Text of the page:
How to Choose a Baby Safety Monitor and Why You Need One

A baby monitor or a baby alarm, is a radio system used for monitoring infants remotely. The system consists of a speaker and a transmitter unit (a microphone).

The transmitter is placed near (usually right next to) the infant. This is to ensure that all sounds are immediately recorded and transmitted to the speaker.

A sleeping baby; image source:

Most of the baby safety monitors provide one-way communication, but some monitors also provide two-way communication that allows the parent to try and comfort the baby remotely. Some monitors even allow for broadcast of music, to help the baby fall asleep.

Choosing the right baby safety monitor

Choosing the best baby safety monitor involves several steps. First, consider a digital baby monitor to avoid eavesdropping from neighbors.

Secondly, consider buying either an analog monitor that has a different frequency than your cordless phone or a highly rated digital monitor to avoid interference impeding your signal.

Thirdly, look at safety baby monitors with a long range if you have a big house, so you will always stay within reach. Lastly, when you set up your monitor’s camera or transmitter, be sure it’s out of the baby’s reach to prevent any unnecessary injuries.

Factors to consider

When browsing for a baby safety monitor, the most important factor is clear reception. Muffled, fuzzy or screeching sounds will be distracting and difficult to discern from ambient sounds.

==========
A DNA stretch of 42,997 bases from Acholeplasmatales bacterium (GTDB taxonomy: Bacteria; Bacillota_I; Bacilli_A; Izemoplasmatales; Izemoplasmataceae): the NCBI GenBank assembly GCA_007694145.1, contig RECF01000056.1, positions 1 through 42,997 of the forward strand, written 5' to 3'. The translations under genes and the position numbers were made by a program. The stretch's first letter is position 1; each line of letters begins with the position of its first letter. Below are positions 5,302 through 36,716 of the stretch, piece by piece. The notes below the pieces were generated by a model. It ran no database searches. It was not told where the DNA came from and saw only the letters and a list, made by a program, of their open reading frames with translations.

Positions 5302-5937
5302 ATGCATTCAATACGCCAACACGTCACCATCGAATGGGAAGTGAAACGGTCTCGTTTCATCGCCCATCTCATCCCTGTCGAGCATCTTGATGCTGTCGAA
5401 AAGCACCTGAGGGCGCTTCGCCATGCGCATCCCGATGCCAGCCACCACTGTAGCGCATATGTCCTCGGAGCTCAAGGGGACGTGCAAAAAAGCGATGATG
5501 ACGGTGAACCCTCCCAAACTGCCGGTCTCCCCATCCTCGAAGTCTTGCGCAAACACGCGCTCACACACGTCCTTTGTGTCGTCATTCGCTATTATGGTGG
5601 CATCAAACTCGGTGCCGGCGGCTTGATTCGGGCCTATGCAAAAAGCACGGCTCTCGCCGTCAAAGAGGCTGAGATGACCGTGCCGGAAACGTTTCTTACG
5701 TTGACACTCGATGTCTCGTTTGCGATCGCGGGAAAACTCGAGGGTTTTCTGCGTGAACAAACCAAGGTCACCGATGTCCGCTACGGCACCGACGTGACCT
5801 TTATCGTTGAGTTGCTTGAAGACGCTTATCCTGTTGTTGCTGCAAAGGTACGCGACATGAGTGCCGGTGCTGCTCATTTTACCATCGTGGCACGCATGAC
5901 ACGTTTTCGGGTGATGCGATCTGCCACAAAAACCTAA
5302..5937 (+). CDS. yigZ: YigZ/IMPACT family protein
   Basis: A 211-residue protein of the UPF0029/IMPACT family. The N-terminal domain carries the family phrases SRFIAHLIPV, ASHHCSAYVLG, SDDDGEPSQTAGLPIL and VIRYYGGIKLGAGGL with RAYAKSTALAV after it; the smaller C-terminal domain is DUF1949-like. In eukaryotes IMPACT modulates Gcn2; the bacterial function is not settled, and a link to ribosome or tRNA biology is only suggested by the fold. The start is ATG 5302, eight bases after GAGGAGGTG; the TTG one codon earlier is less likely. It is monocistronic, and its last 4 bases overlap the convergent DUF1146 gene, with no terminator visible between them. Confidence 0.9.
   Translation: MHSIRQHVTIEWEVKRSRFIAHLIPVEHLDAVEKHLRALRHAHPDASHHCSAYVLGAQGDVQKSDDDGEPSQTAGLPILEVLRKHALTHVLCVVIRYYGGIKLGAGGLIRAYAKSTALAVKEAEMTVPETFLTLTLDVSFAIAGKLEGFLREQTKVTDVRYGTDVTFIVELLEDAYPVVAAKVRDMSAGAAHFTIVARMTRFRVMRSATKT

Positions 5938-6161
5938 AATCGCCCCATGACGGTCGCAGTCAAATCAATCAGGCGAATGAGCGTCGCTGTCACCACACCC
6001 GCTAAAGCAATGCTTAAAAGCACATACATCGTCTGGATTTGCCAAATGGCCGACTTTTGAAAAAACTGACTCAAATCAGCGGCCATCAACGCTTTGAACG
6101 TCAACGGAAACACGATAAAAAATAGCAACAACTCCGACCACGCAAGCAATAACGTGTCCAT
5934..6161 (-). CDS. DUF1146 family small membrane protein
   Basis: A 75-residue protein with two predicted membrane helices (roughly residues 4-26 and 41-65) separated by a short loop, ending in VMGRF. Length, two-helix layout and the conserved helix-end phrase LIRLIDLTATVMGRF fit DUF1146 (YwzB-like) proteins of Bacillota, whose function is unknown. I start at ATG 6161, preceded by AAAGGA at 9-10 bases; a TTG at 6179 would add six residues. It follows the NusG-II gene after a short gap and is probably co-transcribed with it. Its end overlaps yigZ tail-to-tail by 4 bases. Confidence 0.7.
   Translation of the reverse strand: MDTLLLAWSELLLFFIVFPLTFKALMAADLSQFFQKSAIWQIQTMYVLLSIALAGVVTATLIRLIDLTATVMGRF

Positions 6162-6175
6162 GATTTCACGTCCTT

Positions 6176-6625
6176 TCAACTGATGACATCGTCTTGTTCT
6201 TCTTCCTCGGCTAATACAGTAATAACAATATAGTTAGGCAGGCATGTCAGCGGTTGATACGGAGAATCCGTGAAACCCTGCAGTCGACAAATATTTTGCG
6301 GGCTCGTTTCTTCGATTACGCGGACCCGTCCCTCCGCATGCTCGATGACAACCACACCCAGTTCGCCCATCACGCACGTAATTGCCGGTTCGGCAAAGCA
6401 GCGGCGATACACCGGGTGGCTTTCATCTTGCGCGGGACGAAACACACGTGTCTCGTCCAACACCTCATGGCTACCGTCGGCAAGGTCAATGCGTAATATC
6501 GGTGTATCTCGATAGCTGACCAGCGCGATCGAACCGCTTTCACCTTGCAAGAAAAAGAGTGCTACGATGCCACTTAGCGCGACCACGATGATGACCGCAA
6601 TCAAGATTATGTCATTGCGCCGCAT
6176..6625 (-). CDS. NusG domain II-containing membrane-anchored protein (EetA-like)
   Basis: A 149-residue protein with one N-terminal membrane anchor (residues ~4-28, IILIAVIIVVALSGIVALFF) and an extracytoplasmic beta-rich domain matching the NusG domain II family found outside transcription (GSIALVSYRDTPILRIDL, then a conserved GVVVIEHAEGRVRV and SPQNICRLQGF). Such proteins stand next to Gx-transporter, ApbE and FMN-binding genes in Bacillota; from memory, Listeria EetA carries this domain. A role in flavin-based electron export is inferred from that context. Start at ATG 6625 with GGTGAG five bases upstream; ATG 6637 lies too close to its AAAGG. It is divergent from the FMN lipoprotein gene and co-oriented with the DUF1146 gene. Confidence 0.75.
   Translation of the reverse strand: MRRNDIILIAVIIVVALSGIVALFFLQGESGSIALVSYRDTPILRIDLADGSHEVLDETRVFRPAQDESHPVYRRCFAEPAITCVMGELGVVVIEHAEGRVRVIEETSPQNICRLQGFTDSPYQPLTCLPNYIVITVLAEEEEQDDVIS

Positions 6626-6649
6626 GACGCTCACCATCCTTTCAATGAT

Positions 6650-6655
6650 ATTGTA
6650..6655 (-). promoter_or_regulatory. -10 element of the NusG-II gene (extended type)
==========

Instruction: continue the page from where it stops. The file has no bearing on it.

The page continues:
With low-end wireless baby monitors, cordless telephone conversations may come through the channel or simple everyday appliances like microwaves may jumble the pictures or sounds.

The best way to avoid interference is to purchase a quality baby infant monitor that has a similar range to your home size. If you buy one that is too large, it will be easier to pick up the neighbor’s frequencies.

Also, tests show that digital baby monitors have less trouble with interference than analog baby monitors, so that should be considered as well. If you do settle on an analog monitor, ensure that your cordless phone and monitor do not work off the same Gigahertz frequency and look for a model that offers at least two different channel selections.

Potentials problems and pitfalls

There can be some problems with baby safety monitors from time to time, making them lesser safe for your baby. Some digital baby monitors may be overly sensitive, signaling every little murmur, roll-over or noise.

After a time, it becomes a case of “the safety monitor who cried wolf,” where you’ll be so desensitized to the continual alarms that you might ignore a real emergency.

Also, many monitors do not have a very extensive range, which can make you think everything is quiet and lovely, when in reality, your baby is shrieking out of your range.

Sometimes electronic devices like cordless phones and microwaves can also cause interference, making sounds muffled and distorted and leaving you to wonder, “Why did I buy this useless thing?”


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